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Drs. Fine, Hoffman & Sims Opthalmologists in Eugene Oregon

Vision Exams

Eye exams are available everywhere, from discount outlets to surgical offices, so the fees can vary widely. Additionally, fees can vary depending upon the type of eye care professional that you are seeing and the type of services that you are requesting.

A basic comprehensive examination should consist of the following:

  • a review of personal and family health history
  • evaluation of vision at distance and near
  • evaluation for the presence of nearsightedness, farsightedness, astigmatism and presbyopia
  • internal and external eye health examination

Why are eye exams important?
Regardless of your age or physical health, it's important for everyone to have regular eye exams.

When an ophthalmologist examines your eyes, he or she is doing more than checking to see if you need glasses. During a complete eye exam, your doctor will not only determine your prescription for glasses or contacts, but will also check your eyes for common eye diseases, make sure your eyes are working together and evaluate your eyes as an indicator of your overall health.

In addition to checking your vision, ophthalmologists also check for eye and other diseases that have no early symptoms, but should nevertheless be treated early. Vision screenings performed by the school nurse or your employer are not the same as comprehensive eye exams.

Who should get their eyes examined?
Eye examinations are an important part of health maintenance for everyone. You should have your eyes tested to keep their prescriptions current and to check for early signs of eye disease. For children, eye exams can play an important role in normal development. Vision is closely linked to the learning process. Children who have trouble seeing or interpreting what they see will often have trouble with schoolwork. Many times, children don't complain of vision problems simply because they don't know what normal vision looks like.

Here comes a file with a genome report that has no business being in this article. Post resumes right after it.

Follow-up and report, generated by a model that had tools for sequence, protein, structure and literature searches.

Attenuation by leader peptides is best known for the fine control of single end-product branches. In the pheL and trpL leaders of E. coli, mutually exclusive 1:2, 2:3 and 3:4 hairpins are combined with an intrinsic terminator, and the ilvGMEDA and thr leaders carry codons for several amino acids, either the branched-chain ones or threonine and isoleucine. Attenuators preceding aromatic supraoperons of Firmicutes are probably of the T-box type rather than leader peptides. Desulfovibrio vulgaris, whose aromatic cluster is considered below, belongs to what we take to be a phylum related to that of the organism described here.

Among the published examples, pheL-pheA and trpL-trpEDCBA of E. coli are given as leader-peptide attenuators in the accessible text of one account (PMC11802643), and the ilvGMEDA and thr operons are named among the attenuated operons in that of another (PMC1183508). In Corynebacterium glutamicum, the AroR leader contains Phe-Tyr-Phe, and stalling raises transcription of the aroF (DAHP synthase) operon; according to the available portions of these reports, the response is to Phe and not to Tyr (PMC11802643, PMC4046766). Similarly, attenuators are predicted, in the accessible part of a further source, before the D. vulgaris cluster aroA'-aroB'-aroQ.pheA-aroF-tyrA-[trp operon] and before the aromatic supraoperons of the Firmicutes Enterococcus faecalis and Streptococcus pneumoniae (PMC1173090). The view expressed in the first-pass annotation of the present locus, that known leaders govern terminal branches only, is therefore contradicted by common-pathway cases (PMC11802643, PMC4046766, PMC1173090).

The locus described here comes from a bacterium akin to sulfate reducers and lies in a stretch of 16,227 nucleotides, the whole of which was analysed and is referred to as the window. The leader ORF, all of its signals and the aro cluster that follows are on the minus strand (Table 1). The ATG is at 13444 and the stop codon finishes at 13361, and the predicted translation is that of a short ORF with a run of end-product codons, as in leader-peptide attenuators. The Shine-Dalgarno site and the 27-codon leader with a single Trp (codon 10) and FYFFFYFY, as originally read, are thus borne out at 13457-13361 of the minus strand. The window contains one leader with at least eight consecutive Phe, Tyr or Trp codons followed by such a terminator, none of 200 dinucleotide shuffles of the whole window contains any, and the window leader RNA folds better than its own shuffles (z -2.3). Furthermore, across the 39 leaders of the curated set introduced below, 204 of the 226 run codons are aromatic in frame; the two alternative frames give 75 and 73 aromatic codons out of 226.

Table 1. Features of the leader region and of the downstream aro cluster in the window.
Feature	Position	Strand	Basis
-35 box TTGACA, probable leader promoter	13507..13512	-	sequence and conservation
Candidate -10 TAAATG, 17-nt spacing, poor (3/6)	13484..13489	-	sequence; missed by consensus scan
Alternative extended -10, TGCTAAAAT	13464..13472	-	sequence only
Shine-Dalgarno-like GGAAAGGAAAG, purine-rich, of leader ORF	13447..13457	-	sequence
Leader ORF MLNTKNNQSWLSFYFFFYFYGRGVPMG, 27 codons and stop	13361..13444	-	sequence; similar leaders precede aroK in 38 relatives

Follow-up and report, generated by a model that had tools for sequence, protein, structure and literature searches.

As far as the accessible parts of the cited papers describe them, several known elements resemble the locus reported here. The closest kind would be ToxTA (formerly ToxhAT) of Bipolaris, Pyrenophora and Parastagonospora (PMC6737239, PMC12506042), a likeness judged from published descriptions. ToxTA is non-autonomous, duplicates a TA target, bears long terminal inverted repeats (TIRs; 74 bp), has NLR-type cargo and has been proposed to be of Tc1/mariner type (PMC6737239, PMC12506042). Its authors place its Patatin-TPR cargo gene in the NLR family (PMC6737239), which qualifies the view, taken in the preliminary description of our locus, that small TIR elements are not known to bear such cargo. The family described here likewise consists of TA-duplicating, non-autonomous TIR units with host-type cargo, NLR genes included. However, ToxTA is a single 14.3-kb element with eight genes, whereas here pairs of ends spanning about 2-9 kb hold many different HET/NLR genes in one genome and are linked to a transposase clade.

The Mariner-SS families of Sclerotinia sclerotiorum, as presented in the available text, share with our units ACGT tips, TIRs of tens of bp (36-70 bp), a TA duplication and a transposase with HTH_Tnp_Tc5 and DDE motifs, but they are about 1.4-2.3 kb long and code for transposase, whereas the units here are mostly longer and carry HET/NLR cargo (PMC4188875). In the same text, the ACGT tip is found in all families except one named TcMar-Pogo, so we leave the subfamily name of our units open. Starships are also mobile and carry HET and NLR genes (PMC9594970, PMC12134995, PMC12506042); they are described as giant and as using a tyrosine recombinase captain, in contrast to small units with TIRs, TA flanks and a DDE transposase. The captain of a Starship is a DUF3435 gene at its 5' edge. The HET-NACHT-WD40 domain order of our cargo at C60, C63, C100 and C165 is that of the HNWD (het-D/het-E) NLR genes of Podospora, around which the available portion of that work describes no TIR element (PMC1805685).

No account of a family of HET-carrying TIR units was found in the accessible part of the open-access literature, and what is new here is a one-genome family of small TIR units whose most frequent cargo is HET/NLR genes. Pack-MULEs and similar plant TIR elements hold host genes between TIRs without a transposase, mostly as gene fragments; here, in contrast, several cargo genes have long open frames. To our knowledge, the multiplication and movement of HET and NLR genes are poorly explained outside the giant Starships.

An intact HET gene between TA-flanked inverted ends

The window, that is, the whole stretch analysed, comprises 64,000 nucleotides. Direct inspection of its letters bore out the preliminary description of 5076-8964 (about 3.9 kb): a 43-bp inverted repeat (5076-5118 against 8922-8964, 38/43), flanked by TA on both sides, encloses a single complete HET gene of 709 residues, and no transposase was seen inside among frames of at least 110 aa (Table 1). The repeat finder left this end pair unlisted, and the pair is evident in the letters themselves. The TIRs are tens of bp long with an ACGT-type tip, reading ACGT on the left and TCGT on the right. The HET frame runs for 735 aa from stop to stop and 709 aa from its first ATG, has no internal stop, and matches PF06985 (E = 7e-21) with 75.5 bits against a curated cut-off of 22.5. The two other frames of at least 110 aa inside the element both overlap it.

What is the eye doctor checking for?
In addition to evaluating your eyes for glasses and contacts, your eye doctor will check your eyes for eye diseases and other problems that could lead to vision loss. Here are some examples of the conditions for which your ophthalmologist will be checking:

  • Refractive Error: This refers to your prescription, including nearsightedness, farsightedness and astigmatism. Refractive error is corrected with eyeglasses, contacts or refractive surgery.
  • Amblyopia: This occurs when one eye has a much different prescription than the other. The brain will "shut off" the image from a turned or blurry eye. When left untreated, amblyopia can stunt the development of the affected eye, resulting in permanent vision loss. Amblyopia is often treated by patching the stronger eye for periods of time.
  • Strabismus: Strabismus is defined as crossed or turned eyes. The doctor will check your eyes' alignment to be sure that they are working together. Strabismus causes problems with depth perception and can lead to amblopia.
  • Eye Diseases: Many eye diseases, such as glaucoma and diabetic disease, have no symptoms in their early stages. Your eye doctor will check the health of your eyes inside and out for signs of early problems. In some cases, early detection and treatment can reduce the risks for permanent vision loss.